The other day in Virginia Beach General District Court, I sensed that a judge was evaluating whether or not to be lenient to a driver with a +5 Virginia driving record (the best point balance you can have in Virginia) for a speeding offense of 12 miles per hour over the speed limit. However, during the trial, the police officer made the comment that the defendant was in a “Traffic Calming Zone” even though he did not cite the driver for the increased fines associated with speeding in a calming zone. At that point, the judge decided not to give additional leniency to the driver. I was surprised that the area could be labelled a traffic calming zone, being that there were no speed limit or warning signs at the particular area and the road was a four lane road, with two lanes going north and two lanes going south.
My suspicions were correct. The process to designate a road a Traffic Calming Zone in Virginia involves both the local county/city and VDOT and the road must meet certain requirements to qualify. According to the Virginia Department of Transportation and the City of Virginia Beach’s Traffic Calming Brochure, the Traffic Calming Program (TCP) is restricted to “2 lane local residential streets, with posted speed limits of 25 mph, with a minimum of 12 homes fronting the street per 1,000 feet of roadway” (Page 3 of the VB Traffic Calming Brochure). The court and the officer needed to be informed that this area could not possibly be a traffic calming zone because it was not 2 lanes.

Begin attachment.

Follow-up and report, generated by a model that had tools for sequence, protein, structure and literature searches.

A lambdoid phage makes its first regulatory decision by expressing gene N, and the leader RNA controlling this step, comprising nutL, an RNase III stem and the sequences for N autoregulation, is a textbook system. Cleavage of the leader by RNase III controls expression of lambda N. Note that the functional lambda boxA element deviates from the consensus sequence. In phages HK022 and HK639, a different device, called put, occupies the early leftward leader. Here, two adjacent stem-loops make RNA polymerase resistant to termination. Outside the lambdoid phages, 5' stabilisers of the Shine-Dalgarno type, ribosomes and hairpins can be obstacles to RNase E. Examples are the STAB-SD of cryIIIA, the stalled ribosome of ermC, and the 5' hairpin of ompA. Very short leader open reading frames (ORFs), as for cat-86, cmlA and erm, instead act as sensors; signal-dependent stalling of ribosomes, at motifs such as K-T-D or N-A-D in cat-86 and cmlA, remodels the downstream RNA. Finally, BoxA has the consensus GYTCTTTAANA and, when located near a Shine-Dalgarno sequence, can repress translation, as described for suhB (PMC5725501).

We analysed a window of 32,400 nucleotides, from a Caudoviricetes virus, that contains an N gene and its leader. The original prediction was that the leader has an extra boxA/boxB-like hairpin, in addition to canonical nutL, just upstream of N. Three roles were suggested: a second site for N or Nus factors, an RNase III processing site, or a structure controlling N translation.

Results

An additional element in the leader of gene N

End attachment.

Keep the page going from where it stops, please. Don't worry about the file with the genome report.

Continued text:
I have tremendous respect for what police officers do and for keeping society safe. But with all due respect to police officers, they do not always get their facts right and they are fallible human beings. As a traffic defense attorney, my job is to keep the legal system in check by making sure officers get their facts straight and follow the rule of law and by making sure the court gives my client due process of law.